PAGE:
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Old 23-09-2018, 07:36 PM   #1
Fairtony
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Oil pooling at bottom of turbo intake

I was replacing the oil filter on my partners Corsa D. I’ve not done it before, and it required me to take off both ends of the intake pipe from the air box to the turbo. While it was off, I noticed a puddle of oil in the bottom of the turbo. Is this normal? And if so how much oil is to much?
It’s a 2012, with 60k miles.


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Old 23-09-2018, 07:41 PM   #2
Sharpy296
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I think this sort of thing is quite common due to the way the engines now recirculate gases , there are some people that will install a catch tank to grab the oil before it ends up in the turbo as it can cause issues. Its something that will always be there, if you are losing a lot of oil the cat / dpf will die as they are not happy about being really oily. Also if the oil level is dropping generally that can suggest a bigger engine issue. Otherwise its normal.
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Old 24-09-2018, 01:14 AM   #3
Sh1ner
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There will usually be a little oil residue in the turbo.
It is not due to recirculating gases at that point. It is because the turbo bearings are fed oil under pressure and there will generally be a little age related leakage even with relatively new vehicles. As the turbo bearings and seals wear the leakage increases. The most oil will collect at the lowest point of the intake system and it is not uncommon for intercoolers or the lowest pipe to collect significant amounts of oil.
The air feed pipes after the turbo and to and from the intercooler will have oil residue due to the pick up of this oil from the turbo as the air is forced through the ducts. This can fill throttle body electronics with oil over time because the oil carried by the air charge can collect around and be forced down and past the flap spindles especially if the throttle flap is vertically oriented.
The EGR and inlet manifold are where any recirculated gases are let in and go to, either from the exhaust or breather system and recirculating exhaust gases in particular can cause significant sludge build up in either, stopping things like the EGR, swirl flaps, map sensor etc from working correctly.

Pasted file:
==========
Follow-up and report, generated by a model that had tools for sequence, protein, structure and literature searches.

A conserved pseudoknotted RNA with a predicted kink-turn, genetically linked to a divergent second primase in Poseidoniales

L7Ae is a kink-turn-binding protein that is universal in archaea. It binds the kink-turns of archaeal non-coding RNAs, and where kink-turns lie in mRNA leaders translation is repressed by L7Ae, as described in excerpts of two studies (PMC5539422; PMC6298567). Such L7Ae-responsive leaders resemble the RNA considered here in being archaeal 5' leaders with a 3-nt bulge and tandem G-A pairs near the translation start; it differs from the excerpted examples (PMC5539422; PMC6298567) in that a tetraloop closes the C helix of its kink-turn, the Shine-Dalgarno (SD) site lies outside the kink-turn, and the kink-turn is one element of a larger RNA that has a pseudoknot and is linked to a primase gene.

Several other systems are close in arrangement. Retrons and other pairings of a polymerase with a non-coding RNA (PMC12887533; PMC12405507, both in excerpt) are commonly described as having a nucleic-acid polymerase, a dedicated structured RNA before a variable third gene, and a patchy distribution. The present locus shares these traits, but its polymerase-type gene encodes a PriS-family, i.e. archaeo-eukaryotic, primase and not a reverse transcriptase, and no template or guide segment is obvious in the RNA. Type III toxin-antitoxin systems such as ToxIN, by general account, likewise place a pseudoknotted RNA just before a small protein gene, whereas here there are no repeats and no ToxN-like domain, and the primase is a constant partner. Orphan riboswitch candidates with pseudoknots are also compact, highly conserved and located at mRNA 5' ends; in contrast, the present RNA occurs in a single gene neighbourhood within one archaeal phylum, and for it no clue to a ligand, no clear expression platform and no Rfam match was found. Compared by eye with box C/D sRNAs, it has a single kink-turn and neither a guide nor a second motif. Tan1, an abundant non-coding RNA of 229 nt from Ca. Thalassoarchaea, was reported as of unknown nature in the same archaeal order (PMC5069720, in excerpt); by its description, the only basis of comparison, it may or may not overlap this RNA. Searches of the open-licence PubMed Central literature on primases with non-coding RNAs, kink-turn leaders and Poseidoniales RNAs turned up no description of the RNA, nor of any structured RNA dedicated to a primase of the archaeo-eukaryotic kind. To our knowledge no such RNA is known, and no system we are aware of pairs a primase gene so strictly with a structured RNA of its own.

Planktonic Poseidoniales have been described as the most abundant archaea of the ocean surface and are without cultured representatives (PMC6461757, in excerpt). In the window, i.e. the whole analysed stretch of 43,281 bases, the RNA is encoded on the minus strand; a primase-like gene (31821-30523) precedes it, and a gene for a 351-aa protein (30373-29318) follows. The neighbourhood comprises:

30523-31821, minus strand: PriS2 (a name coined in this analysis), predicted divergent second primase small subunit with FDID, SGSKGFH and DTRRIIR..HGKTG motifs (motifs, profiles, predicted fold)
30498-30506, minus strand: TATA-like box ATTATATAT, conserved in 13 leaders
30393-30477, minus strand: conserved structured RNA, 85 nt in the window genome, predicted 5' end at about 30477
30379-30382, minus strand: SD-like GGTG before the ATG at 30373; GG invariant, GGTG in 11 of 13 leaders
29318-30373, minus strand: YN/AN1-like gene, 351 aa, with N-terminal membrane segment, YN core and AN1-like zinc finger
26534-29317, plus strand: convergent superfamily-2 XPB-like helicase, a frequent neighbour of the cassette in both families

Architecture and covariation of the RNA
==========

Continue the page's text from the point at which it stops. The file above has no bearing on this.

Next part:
As a very rough guide with your turbo if you can lightly grip the inlet side spindle nut on the turbo and slide it side to side or lift it up and down at all then you might have some bearing wear and a decision to make. The only way to really check though is to remove the turbo but the situation you describe sounds like what I would normally expect to find.
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Old 24-09-2018, 07:18 AM   #4
Fairtony
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Thanks a million guys. Very detailed replies. I’ll just keep an eye on it every service. Check for play and for if anything changes drastically.
When you mention things gumming up on components after the turbo, would that only be an issue once it throws up a code on the obd?


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Old 24-09-2018, 10:50 AM   #5
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To a point yes but the build up of gummy sludge will be happening whenever the engine is running and particularly when the egr valve is open as exhaust gases are being sent back into the inlet manifold and this is where build up will be at its worst.
The build up can be such that the inlet ports can be nearly sealed up although the engine will still run.
The eml light might only come on once there is a fault or the adaptation system within the ecu has reached its limits although the engine may not have been working its best for some time.
A quick google for BMW N47 swirl flaps or Vauhall/Fiat swirl flaps might show the sort of issues that can arise.
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